Nine’s chief revenue officer Peter Wiltshire has declared the age of linear TV as over, saying no longer could he dictate when someone had to be in the lounge-room to enjoy Nine’s content.
Speaking at the 2016 upfronts – which was notable for the absence of Nine boss David Gyngell who was reportedly attending a funeral -Wiltshire said that Nine was now “the new network”, which was finally embracing programmatic, collecting first-party data and live streaming “the majority” of its content.
Wiltshire also said that Nine would lean heavily on its heritage with the Nine brand uniting all of its properties, which now boasts four free-to-air (FTA) channels with the announcement yesterday that 9Life would become Australia’s first FTA lifestyle channel. The existing secondary channels of Go and Gem will now be known as 9Go and 9Gem.
The primary channel Nine will now also be simulcast on Channel 90 as an HD channel, a decision that particularly pleased Nine’s head of sport Steve Crawley who said he’d been frustrated for years by the fact that he had been capturing all the cricket action in HD only to have to reduce the quality for broadcast.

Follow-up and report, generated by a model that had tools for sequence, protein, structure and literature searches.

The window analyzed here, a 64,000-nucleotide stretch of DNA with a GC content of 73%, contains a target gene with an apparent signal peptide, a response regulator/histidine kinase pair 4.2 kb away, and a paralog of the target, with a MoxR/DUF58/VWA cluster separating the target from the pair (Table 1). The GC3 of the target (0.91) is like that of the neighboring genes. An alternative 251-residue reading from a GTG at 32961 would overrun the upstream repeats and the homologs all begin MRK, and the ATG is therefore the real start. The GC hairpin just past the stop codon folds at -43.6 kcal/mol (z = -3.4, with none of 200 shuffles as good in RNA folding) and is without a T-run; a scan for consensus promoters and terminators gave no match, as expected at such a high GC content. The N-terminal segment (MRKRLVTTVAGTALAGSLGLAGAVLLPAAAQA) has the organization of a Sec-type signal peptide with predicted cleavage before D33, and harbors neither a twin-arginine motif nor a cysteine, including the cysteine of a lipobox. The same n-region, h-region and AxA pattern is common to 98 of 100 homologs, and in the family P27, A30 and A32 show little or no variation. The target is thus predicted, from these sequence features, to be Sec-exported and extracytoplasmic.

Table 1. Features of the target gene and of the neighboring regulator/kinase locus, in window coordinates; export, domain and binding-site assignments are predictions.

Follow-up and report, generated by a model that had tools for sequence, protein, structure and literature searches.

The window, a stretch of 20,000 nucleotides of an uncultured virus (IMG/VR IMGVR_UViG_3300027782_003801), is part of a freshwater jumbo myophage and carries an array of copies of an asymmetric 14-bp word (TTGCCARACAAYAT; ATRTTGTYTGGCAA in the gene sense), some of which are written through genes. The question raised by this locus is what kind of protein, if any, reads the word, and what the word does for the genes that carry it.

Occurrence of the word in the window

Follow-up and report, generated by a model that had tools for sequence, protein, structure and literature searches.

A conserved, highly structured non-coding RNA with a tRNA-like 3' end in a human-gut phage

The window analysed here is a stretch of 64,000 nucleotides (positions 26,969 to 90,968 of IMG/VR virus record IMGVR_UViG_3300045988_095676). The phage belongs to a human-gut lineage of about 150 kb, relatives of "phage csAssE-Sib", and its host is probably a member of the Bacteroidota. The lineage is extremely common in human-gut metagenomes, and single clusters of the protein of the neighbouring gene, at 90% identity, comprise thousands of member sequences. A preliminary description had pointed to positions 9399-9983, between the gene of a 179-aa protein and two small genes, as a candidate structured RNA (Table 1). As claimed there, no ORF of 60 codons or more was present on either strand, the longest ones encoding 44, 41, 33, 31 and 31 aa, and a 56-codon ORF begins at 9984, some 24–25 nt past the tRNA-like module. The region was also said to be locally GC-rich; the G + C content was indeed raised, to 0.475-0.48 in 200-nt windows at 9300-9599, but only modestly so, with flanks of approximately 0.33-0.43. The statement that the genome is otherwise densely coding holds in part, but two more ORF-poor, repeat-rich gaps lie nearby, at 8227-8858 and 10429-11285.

Crawley also pointed out that Nine was the only network in Australia that employed camera operators and that as a consequence having the same people operate the same cameras match after match meant they were the best in the business.
In a further sign of its commitment to local content, Nine lost the rights to The Big Bang Theory reruns to Seven in early September, with Michael Healy, director of television, declaring first run Big Bang Theory was “the only show that has any value”.
However, he added that they were constantly “scouring the globe for independent content deals”.
In its first unified foray into programmatic TV, Nine has replaced its JumpIn companion app with 9Now, which will launch in early 2016.
9Now is also the live streaming product, which will be Nine’s primary harvester of first-party data requiring a single sign-in (including via Facebook). Wiltshire who has previously been disparaging of programmatic, said that it was simply a process of automation to allow customisation.
Among a raft of new shows also announced, the lack of a flagship cooking show to compete with Seven’s dominant My Kitchen Rules and Ten’s perennially popular MasterChef was the most noticeable omission.
Healy said that no decision had been made as to whether The Hot Plate would be revived for a second season.